Dick Cheney- Corporate Criminal

Testimony expected to detail Halliburton's alleged profiteering

By Robert O'Harrow Jr., Washington Post    July 22, 2004

WASHINGTON -- In the spring of 2003, not long after John Mancini arrived in Kuwait City as a procurement employee for Halliburton Co., he came to an unsettling conclusion: No one cared about his skill at buying goods and making sure government money was wisely spent.

Over the next three months, Mancini said in a recent interview, he watched as colleagues at Halliburton subsidiary KBR paid inflated fees for cellphone services, bought hundreds of rolls of duct tape for $60 each, and obscured the waste by failing to file paperwork properly. In one case, he said, a fellow procurement employee recorded a multimillion-dollar purchase as a $200 order, then dismissed it as a mistake.

After he and others raised questions, Mancini said, the company sent in a team to prepare for government audits. "The waste was unbelievable," said Mancini, who left KBR after three months. "This was pure negligence."

Stories like Mancini's will be the focus of a hearing today by the House Committee on Government Reform, as it examines allegations of waste, abuse, and profiteering related to the Army's contracts in Iraq with Halliburton, the oil services company that Dick Cheney ran from 1995 to 2000, before he was vice president.

Halliburton spokeswoman Wendy Hall said that she did not know the particulars of Mancini's allegations, but that the company would look into them.

Mancini is not scheduled to testify, but the committee will hear from several KBR executives. Halliburton officials have acknowledged some misspending in Iraq, including $6 million in overcharges the company repaid, but have said repeatedly that the company is doing a good job overall.

"KBR is pleased to have the opportunity to appear before the Committee . . . so we may describe our efforts in Iraq to support our troops in a very difficult, demanding, and dangerous mission," Hall wrote in an e-mail. "We recognize that any effort like this demands oversight."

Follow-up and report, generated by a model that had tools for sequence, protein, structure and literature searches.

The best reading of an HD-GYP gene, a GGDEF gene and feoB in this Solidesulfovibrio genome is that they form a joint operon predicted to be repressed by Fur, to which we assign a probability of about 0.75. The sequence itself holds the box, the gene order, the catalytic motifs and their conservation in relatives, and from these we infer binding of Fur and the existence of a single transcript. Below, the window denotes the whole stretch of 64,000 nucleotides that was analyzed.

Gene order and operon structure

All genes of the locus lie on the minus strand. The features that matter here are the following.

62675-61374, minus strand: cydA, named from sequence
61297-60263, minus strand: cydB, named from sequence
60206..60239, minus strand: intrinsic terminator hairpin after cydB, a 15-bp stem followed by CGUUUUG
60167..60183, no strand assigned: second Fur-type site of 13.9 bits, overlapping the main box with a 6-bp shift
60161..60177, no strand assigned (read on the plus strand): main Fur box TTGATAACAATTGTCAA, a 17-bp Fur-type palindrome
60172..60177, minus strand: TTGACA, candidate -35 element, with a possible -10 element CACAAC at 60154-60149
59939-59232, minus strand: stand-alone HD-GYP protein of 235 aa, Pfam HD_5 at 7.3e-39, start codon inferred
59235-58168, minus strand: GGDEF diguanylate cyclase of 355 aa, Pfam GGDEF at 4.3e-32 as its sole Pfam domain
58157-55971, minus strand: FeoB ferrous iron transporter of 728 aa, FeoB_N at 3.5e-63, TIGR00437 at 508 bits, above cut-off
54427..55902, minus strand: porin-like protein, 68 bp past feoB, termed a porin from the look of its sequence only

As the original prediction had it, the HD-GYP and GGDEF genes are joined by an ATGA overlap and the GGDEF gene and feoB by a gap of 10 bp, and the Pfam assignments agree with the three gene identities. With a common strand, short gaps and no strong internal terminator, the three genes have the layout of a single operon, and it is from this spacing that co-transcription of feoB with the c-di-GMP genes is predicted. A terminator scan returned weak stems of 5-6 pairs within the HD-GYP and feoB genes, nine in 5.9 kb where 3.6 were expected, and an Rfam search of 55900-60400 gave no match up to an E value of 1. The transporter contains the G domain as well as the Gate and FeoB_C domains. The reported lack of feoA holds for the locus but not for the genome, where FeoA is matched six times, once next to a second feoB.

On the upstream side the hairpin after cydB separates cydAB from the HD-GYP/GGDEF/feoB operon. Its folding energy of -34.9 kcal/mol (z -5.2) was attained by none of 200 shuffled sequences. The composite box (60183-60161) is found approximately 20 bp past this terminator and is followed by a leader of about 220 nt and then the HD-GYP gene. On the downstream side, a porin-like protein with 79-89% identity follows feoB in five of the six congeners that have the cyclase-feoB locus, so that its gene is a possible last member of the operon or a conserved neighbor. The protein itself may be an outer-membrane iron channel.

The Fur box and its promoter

The hearing is shaping up as a political sparring match over Halliburton because of the Cheney connection. The minority Democrats, led by Henry Waxman of California, pressured Republicans leaders to allow whistle-blowers to testify, in part to promote the company as an election year issue.

Committee chairman Thomas Davis III, Republican of Virginia, said "the so-called whistle-blowers" simply misunderstood the logistical reality of life during wartime. He said he was giving the Democrats an opportunity "to put up or shut up" on an issue that would not go away.

"They're taking a series of anecdotes and trying to turn them into some kind of scandal," Davis said in an interview yesterday.

Under a wide-ranging contract called LogCAP, Halliburton furnished the Army with logistical support throughout the Middle East. It was guaranteed a certain level of profit and could pass on all costs to the government, with the assumption that it would operate efficiently. Halliburton has been awarded work in Iraq worth about $5.6 billion through May, according to a report by the Government Accountability Office.

Scheduled to testify are several former employees interviewed earlier by Waxman's staff. One told of filling out time cards saying he worked 12-hour days, seven days a week, even though he put in no more than a week's worth of labor. Another said the company removed spare tires from new Mercedes and Volvo trucks, then abandoned one that had a flat tire. 

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